Ptychostomum cyclophyllum    (Schwaegr.) Bruch & Schimp. in B.S.G.

Egg-leaf True Moss 


MN Status:
special concern
(as Bryum cyclophyllum)
Federal Status:
none
CITES:
none
USFS:
none

Group:
moss
Class:
Bryopsida
Order:
Bryales
Family:
Bryaceae
Habitats:

(Mouse over a habitat for definition)


Minnesota range map
Map Interpretation
North American range map
Map Interpretation

  Synonyms

Mnium cyclophyllum, Bryum cyclophyllum

  Basis for Listing

Bryum cyclophyllum (egg-leaf true moss) has a nearly continuous northern hemisphere distribution of boreal affinity. It occurs as a colonist on wet soils that are subject to inundation. The species has been recorded regionally from Ontario and Wisconsin. In Minnesota, a single population has been found on Susie Island in Cook County (North Shore Highlands Subsection). With only one recorded population, there is too little information available at this time to detect a statewide population trend. Further inventory work is needed to clarify the species’ abundance and distribution in the state (Janssens 2005). Based on the species’ apparent rarity, Bryum cyclophyllum was designated of special concern in 2013.

  Description

Bryum cyclophyllum can grow in dense to open turfs, appearing green or yellow-green in color. Stems are typically 0.5-3.0 cm (0.2-1.2 in.) long and can be simple or forked. Leaves are not crowded along the stem and are approximately 2.0 mm (0.08 in.) long, oblong-ovate to elliptic, with a rounded apex. Margins are entire, with the costa (midrib) ending somewhat below the apex. When leaves are dry, they can be strongly contorted to shrunken. Setae are red brown, 2.0-4.0 cm (0.8-1.6 in.) long, with yellow-brown pendulous capsules that are elongate, 2.0-4.0 mm (0.08-0.16 in.).  

  Habitat

Across its range, P. cyclophyllum occurs in wet and sandy or organic soil along streams and wetlands or among roots of trees subject to inundation. In Minnesota, it has only been recorded from a single location, a black spruce swamp.

  Biology / Life History

This species is dioicous (male and female reproductive organs on separate plants). Further specific details for this species are not documented; however, the protonema, spore germination, and development are typical of most mosses. 

  Conservation / Management

The occurrence of P. cyclophyllum has likely declined in the United States due to the fact that this species’ habitat occurs in wetlands and along streams in low to mid-elevation regions, where human development is often concentrated (Spence 2007). Changes in hydrology within this species’ habitat could be a threat, whether due to climate change or human disturbance, such as draining or road building and maintenance adjacent to or within wetlands. 

  Best Time to Search

The best time to search for P. cyclophyllum is from May through September or essentially anytime the ground is not covered by snow.

  Conservation Efforts in Minnesota

The lone site for B. cyclophyllum in Minnesota is on Susie Island in Lake Superior, which is now owned by the Grand Portage Band of Lake Superior Chippewa. Under band control, "human influence on the island will be kept to a minimum in order to protect areas of cultural significance as well as the natural environment".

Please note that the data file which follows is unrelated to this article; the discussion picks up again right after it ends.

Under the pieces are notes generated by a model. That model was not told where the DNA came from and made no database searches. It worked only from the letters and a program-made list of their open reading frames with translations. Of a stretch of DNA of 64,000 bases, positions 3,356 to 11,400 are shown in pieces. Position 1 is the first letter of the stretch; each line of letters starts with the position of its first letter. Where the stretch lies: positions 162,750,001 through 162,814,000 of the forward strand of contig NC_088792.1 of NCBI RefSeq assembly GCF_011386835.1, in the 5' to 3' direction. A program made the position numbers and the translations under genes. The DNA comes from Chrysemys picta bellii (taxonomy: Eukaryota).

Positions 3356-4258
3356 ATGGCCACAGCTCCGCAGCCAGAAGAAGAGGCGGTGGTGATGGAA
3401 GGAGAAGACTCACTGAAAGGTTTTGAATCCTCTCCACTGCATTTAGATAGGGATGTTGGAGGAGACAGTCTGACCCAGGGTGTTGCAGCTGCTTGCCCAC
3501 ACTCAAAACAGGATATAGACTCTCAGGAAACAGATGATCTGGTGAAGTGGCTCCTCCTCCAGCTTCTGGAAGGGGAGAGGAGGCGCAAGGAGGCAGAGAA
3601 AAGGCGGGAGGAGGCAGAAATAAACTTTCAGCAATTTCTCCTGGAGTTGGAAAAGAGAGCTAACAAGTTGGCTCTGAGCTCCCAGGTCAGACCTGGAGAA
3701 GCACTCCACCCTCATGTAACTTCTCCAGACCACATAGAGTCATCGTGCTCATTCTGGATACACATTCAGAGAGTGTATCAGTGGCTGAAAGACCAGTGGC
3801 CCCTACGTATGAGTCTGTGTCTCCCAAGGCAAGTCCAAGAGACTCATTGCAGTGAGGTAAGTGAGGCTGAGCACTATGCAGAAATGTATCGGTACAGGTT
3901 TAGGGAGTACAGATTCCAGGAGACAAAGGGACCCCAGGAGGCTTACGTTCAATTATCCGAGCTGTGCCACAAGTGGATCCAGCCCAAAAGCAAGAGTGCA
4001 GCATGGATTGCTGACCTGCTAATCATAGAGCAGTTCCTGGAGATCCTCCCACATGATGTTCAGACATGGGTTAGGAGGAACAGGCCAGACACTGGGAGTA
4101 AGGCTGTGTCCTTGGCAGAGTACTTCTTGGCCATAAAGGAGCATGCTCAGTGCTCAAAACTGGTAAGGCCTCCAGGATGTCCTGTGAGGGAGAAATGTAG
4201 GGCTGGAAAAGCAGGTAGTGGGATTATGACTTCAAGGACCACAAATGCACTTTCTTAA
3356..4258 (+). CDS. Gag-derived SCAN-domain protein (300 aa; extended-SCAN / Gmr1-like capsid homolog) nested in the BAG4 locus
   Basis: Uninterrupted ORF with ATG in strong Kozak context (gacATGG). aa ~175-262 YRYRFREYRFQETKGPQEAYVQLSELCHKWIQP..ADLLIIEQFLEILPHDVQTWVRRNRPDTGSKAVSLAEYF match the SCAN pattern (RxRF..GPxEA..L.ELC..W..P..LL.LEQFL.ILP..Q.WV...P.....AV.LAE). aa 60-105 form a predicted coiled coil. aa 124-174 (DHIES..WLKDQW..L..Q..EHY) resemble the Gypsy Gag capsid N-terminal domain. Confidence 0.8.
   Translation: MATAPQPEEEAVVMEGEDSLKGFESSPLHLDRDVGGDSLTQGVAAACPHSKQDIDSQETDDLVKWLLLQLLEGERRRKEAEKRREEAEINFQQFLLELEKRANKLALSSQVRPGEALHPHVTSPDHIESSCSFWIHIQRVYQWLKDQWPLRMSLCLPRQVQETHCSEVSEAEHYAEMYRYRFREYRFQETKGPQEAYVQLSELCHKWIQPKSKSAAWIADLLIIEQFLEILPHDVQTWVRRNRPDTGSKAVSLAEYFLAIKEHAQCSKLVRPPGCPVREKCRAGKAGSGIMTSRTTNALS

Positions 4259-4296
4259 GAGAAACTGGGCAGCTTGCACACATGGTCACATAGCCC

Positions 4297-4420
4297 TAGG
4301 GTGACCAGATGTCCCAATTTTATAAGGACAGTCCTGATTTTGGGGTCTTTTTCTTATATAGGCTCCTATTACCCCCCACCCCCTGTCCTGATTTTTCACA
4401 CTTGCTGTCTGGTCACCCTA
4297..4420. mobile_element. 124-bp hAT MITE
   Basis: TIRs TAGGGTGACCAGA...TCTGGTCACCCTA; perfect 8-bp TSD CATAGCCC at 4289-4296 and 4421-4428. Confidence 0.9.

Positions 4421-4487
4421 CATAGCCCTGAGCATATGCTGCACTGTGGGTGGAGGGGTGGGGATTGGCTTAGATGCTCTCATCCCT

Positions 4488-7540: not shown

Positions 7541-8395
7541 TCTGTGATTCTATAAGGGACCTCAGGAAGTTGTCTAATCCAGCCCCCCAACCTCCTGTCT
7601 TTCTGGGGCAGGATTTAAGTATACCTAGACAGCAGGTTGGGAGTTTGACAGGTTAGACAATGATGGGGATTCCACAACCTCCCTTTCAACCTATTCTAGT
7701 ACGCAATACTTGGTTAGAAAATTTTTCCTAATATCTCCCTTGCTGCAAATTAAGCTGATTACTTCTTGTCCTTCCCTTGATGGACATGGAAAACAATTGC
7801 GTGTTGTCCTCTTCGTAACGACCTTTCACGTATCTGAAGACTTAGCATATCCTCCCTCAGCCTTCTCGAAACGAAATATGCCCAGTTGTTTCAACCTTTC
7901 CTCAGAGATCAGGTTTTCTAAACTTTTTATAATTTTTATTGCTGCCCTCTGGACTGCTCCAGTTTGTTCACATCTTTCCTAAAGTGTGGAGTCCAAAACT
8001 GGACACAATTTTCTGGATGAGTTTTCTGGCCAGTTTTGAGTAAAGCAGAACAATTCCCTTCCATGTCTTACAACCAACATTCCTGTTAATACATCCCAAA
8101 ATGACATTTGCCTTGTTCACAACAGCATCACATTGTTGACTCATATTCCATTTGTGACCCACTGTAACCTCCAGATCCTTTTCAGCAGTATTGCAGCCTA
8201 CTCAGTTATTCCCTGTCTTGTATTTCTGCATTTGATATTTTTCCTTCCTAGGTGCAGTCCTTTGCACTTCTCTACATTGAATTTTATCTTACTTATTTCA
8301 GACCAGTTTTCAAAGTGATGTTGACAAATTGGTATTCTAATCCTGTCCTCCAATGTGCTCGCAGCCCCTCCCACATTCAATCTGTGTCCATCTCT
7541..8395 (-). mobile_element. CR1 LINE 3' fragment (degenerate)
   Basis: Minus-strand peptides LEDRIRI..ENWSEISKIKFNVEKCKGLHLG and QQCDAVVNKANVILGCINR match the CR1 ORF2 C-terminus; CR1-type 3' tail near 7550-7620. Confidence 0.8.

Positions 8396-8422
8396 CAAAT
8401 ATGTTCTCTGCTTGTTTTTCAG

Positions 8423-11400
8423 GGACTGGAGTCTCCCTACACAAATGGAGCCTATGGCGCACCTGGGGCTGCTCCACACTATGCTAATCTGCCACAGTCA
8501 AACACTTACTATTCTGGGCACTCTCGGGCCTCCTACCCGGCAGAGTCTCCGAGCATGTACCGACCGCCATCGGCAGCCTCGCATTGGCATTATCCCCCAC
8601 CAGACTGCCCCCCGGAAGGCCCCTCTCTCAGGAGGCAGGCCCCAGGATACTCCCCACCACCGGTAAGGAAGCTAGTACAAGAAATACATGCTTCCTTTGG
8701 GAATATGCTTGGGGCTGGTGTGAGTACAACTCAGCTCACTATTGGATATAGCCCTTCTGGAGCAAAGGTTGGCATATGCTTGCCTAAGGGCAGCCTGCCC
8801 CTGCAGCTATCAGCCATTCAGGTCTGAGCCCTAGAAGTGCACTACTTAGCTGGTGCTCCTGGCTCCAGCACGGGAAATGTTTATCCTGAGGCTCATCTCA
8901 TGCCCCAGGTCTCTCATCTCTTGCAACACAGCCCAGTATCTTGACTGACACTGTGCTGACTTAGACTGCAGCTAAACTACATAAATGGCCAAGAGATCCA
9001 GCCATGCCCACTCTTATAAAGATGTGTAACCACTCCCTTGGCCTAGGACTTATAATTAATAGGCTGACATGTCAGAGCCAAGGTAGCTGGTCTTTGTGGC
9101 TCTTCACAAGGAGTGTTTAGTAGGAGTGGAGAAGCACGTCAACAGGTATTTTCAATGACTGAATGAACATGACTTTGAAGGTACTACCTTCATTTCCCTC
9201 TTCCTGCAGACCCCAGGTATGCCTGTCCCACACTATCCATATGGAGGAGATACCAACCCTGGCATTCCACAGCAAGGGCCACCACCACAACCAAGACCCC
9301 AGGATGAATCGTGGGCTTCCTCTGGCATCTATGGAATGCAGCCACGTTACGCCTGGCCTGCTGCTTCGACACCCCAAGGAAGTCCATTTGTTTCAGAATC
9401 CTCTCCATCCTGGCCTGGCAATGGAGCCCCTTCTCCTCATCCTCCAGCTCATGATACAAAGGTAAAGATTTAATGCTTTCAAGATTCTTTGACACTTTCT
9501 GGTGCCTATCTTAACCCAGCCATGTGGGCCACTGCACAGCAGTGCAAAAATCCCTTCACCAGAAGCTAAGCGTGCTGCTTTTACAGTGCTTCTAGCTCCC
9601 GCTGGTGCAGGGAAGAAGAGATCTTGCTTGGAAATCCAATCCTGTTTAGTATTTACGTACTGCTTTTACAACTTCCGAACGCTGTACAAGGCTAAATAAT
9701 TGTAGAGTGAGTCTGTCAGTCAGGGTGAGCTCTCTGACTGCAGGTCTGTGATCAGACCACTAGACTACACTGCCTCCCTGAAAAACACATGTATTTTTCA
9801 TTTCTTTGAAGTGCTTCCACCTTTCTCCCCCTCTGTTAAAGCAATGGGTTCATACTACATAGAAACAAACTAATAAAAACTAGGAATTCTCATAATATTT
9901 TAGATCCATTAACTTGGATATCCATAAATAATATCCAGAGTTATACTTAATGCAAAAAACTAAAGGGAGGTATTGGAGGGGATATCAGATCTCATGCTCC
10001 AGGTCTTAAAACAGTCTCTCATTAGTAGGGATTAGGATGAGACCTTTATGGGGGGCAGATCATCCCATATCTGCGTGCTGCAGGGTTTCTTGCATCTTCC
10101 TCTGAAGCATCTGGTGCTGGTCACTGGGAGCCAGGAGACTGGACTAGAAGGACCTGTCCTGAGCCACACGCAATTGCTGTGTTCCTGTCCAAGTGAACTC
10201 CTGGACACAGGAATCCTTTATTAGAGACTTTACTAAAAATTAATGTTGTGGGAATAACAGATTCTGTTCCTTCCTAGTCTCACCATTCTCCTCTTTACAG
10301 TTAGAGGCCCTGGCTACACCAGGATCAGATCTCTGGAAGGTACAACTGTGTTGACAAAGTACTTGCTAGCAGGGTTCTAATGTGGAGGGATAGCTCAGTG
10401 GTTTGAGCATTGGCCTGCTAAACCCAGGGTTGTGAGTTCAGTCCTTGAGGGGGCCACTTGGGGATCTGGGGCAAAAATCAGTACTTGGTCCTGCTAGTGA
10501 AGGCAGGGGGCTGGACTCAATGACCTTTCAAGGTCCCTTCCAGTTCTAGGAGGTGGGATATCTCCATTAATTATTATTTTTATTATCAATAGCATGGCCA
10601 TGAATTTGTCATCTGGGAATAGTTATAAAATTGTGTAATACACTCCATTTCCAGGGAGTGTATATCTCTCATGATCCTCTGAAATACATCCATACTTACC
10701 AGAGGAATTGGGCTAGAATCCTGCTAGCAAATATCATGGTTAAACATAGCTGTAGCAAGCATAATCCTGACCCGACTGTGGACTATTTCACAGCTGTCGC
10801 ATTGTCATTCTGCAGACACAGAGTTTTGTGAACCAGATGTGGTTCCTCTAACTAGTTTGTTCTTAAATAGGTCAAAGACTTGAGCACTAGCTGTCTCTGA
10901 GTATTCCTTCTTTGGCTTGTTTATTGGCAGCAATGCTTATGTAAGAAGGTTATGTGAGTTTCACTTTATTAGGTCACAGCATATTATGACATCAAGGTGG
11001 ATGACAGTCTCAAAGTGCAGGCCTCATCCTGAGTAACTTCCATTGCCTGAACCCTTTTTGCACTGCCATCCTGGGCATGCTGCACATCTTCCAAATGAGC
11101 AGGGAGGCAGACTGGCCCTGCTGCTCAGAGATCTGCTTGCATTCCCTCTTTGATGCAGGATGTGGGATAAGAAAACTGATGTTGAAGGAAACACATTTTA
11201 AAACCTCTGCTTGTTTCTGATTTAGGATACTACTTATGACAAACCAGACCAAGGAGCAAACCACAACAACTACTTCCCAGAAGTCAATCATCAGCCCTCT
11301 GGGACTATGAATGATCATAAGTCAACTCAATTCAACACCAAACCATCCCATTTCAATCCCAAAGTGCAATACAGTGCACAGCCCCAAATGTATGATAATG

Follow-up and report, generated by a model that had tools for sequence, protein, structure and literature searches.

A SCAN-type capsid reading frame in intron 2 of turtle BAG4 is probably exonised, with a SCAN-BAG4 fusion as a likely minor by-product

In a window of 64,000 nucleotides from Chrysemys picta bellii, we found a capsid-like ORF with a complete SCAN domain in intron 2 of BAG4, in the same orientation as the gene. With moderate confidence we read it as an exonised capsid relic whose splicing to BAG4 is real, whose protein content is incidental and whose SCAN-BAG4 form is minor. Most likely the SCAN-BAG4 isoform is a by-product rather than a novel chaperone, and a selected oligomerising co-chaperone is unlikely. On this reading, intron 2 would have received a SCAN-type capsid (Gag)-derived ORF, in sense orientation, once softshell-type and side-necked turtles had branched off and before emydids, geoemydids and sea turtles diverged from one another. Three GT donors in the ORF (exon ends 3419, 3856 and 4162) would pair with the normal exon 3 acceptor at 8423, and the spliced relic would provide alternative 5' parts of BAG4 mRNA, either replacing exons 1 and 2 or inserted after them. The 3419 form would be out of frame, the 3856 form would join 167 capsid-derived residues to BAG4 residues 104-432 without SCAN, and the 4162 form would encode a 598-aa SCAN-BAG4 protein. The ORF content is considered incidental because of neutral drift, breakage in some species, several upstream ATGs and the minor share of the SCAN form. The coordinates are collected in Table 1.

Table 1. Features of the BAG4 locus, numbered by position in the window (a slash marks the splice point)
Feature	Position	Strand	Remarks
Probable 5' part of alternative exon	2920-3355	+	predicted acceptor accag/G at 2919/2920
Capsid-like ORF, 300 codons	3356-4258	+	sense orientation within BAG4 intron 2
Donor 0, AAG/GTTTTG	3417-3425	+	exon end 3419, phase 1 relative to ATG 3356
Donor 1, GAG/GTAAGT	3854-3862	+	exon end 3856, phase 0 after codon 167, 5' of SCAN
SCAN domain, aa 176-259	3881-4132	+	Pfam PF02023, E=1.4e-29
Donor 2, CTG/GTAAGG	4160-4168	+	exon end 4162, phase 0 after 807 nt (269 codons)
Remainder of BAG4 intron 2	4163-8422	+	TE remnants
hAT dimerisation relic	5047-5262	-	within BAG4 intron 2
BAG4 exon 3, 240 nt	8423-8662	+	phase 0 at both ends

Authors/Revisions

Erika R. Rowe (MNDNR), 2018

(Note: all content ©MNDNR)

  References and Additional Information

Crum, H. A., and L. E. Anderson. 1981. Mosses of eastern North America. 2 volumes. Columbia University Press, New York, Yew York. 1330 pp.

Janssens, J. A. 1999. The bryophytes of the Susie Islands, Lake Superior, Cook County, Minnesota, based on surveys by J. A. Janssens and R. M. Schuster. Report submitted to the Minnesota Department of Natural Resoures, County Biological Survey, St. Paul. 28 pp.

Janssens, J. A. 2005. Proposed candidates of endangered, threatened, and special concern species of bryophytes for Minnesota: update June 2005. Report to the Minnesota Department of Natural Resoucres, County Biological Survey, St. Paul. 18 pp.

Janssens, J. A. 2009. MS Access database on Minnesota bryophytes. Lambda-Max Ecological Research, Minneapolis, Minnesota.

Kentucky State Nature Preserves Commission. 2009. Endangered, threatened, and special concern plants, animals, and natural communities of Kentucky with habitat description. Kentucky State Nature Preserves Commission, Frankfort, Kentucky. <http:;//www.naturepreserves.ky.gov/NR/rdonlyres/...>. Accessed 27 September 2009.

Minnesota Department of Natural Resources. 2003. Field guide to the native plant communities of Minnesota: the Laurentian mixed forest province. Ecological Land Classification Program, Minnesota County Biological Survey, and Natural Heritage and Nongame Research Program. Minnesota Department of Natural Resources, St. Paul, Minnesota. 352 pp.

NatureServe. 2009. NatureServe Explorer: an online encyclopedia of life [web application]. Version 7.1. NatureServe, Arlington, Virginia. <http.//www.natureserve.org/explorer>. Accessed 10 June 2009.

Spence, J. R. 2007. Bryaceae in Flora of North America Editorial Committee, editors. Flora of North America north of Mexico. Volume 28 [web application]. <http://www.efloras.org/florataxon.aspx?flora_id=1&taxon_id=127600>. Accessed 26 September 2016.

United States Natural Resources Conservation Service (NRCS). 2009. The PLANTS Database [web application]. National Plant Data Center, Baton Rouge, Louisiana. <http://plants.usda.gov/java/nameSearch>. Accessed 23 June 2009.

U.S. Natural Resources Conservation Service (NRCS). 2009. The PLANTS Database [web application]. National Plant Data Center, Baton Rouge, Louisiana. <http://plants.usda.gov/java/nameSearch>. Accessed 23 June 2009.